Bathsheba made me do it!

I watch a lot of movies when I iron Scott’s work shirts, because ironing is tedious as hell, but as homemaking is my full-time job these days, I really couldn’t come up with a valid reason I should not iron his shirts when he decided to give up the men’s Tucson uniform of polo shirt and khakis every day for a more stylish look.  As much as I hate ironing, I have to admit, he looks damn fine in a shirt and tie.

So one day, I was looking for free movies I could stream on Dish while I ironed, and Far from the Madding Crowd was available.  I’m a Carey Mulligan (who plays protagonist Bathsheba Everdene) fan, so I thought I’d give it a whirl.  I liked the movie, but I fell violently in love with the costuming, particularly these blue and white numbers Bathsheba sports throughout. (Click photos to embiggen.)

So I went on the hunt, scouring the internet for similar fabrics.  The ones available at the major fabric sellers weren’t quite what I was looking for, and the one I found that I loved I could have direct from China for a minimum purchase of 3,000 yards.

Um, no.

So I checked Etsy and less mainstream online stores, and even eBay, and didn’t find quite what I was looking for.  Until I ran across a seller who had 6 different prints she was was selling in lots of six 1/2-yards.  And while that wasn’t optimal, I was intrigued, and bought it, because 3 yards is plenty for a skirt, or I’d figure out something else.  The first rule of sewing, much like other crafts, is, if you find something you like, buy it now; figure out what to do with it later.

But the thought of the skirt stayed in my head, in the form of a panel skirt.  And what started in my head as a maybe 8-panel skirt turned into a 24-panel (4 fabric patterns repeating 6 times) concept after some internet research, and my discovery of this skirt.  After looking at some tutorials that assumed that my body was completely symmetrical around my waist/butt area (which applies to a very small percentage of women, methinks), I decided to make my own pattern by modifying the world’s simplest skirt pattern which I used for my very first sewing projects when I started taking lessons in the summer of 2014.  The pattern had already been tailored to my particular needs, so all I needed to do was divide the 2 pattern pieces into 6 sections each, add seam allowances, and see if, through the magic of math, it all worked.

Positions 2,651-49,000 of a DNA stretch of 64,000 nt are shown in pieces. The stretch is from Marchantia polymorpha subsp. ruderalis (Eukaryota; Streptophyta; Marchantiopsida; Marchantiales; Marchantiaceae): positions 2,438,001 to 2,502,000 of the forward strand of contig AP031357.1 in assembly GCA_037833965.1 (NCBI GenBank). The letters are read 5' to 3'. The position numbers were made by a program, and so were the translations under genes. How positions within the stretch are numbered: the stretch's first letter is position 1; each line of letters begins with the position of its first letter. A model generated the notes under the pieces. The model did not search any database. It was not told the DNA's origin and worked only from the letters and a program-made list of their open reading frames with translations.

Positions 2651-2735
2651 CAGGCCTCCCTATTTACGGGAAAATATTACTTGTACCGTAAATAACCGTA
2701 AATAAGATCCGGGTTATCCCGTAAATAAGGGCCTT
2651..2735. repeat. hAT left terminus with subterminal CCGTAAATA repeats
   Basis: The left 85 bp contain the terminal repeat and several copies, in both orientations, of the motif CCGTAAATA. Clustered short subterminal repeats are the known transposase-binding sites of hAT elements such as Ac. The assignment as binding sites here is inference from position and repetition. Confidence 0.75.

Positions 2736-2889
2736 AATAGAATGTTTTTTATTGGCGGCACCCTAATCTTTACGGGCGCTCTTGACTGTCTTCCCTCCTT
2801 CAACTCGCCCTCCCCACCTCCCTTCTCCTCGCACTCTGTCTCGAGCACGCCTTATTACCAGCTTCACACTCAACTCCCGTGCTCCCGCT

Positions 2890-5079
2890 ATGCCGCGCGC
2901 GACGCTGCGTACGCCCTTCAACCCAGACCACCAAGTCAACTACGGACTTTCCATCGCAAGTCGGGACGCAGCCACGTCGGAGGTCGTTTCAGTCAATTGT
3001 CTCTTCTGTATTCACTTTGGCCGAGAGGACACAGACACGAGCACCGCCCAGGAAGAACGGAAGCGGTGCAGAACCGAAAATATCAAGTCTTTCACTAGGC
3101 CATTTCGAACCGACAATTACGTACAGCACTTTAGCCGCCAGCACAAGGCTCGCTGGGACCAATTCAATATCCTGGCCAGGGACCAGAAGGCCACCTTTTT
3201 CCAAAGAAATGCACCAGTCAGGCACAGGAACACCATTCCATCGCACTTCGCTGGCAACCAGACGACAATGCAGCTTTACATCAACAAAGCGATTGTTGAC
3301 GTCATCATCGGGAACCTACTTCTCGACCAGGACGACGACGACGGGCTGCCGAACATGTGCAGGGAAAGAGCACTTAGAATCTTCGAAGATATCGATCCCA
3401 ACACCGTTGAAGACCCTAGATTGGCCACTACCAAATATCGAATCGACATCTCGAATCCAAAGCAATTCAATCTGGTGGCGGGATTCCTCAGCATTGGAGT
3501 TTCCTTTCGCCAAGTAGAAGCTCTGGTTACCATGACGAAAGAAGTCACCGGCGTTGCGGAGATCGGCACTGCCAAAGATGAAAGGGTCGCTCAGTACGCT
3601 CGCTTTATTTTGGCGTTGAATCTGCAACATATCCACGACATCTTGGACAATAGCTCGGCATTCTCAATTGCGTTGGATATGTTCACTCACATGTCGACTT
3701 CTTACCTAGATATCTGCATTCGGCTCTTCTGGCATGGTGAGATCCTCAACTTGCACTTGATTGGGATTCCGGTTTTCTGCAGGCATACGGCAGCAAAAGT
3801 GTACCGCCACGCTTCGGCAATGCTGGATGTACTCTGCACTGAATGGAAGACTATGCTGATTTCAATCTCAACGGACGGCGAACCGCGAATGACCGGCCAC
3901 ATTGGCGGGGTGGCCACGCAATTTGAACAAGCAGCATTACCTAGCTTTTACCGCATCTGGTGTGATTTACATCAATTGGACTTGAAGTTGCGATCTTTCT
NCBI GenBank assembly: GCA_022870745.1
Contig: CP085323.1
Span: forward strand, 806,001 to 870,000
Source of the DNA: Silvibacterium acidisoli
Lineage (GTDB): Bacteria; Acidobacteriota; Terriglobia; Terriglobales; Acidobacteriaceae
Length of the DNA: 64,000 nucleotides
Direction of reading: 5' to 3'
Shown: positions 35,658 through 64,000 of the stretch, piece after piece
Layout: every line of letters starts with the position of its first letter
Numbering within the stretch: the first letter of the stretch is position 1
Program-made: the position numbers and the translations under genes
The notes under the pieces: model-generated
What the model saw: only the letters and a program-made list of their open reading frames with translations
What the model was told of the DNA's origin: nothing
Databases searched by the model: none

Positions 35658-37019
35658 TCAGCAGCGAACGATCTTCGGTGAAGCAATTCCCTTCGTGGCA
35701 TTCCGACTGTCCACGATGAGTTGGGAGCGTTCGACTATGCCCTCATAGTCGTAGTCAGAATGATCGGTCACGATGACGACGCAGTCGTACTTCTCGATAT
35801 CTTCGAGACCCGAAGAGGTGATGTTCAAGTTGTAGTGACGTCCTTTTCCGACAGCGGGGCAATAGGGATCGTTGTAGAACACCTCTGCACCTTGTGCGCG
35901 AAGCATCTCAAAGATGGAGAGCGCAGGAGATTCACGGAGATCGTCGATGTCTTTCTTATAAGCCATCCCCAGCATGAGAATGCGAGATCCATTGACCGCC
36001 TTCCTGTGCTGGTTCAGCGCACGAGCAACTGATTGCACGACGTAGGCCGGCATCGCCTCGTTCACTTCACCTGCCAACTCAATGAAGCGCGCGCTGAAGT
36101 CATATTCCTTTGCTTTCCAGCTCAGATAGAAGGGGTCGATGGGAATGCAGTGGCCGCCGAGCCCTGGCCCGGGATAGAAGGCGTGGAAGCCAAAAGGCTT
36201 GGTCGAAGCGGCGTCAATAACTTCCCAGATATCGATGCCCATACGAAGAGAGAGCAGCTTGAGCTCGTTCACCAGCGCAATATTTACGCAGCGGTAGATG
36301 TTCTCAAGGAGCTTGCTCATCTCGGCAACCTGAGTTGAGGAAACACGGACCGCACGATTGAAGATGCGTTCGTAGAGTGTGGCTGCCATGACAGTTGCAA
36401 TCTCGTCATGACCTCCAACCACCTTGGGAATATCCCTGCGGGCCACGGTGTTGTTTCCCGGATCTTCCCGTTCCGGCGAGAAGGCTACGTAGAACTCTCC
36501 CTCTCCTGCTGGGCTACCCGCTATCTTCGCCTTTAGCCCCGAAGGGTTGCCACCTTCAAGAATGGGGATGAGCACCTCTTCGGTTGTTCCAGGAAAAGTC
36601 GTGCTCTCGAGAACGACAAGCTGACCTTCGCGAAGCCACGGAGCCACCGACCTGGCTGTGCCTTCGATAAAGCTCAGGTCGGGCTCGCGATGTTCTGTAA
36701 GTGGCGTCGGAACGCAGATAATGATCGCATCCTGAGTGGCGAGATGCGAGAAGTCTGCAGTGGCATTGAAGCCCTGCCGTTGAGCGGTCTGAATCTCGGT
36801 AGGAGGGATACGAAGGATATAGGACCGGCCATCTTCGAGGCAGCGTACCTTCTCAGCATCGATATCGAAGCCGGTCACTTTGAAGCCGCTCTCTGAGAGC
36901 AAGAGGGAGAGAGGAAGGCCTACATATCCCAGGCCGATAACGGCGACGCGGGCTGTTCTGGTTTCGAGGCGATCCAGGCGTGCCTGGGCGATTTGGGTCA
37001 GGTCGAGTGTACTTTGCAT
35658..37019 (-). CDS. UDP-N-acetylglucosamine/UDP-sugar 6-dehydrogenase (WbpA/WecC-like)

I did half a muslin just to make sure it was working as planned, made some adjustments, and was good to go.  Then, because I just hadn’t complicated things enough, I decided to finish the raw edges by folding them under and topstitching them, both for tidiness and to make the skirt lie flat in whatever plane it was moving instead of it wanting to turn in at every seam, of which there were 24.  Which meant that just to piece it together, I had to sew 72 vertical seams–3 seams at every connection.

This is why when people assume I’d like to sew something for them, I laugh.  I’m the only person I like well enough to put in that kind of work for.  Maybe Scott, though it hasn’t happened yet.  (I DID buy a shirt pattern for him, but that’s as far as I’ve gotten.)

But I’m pretty pleased, and the skirt looks nearly as good on the inside as on the outside. Which makes me feel like a fancy sewing genius instead of the novice I am.  I finished the bottom with bias tape at the excellent suggestion of my sewing teacher, Jenny, and did a simple drawstring at the waist.  And I finished it today!




You want me to vote for you? Be someone I want to vote for.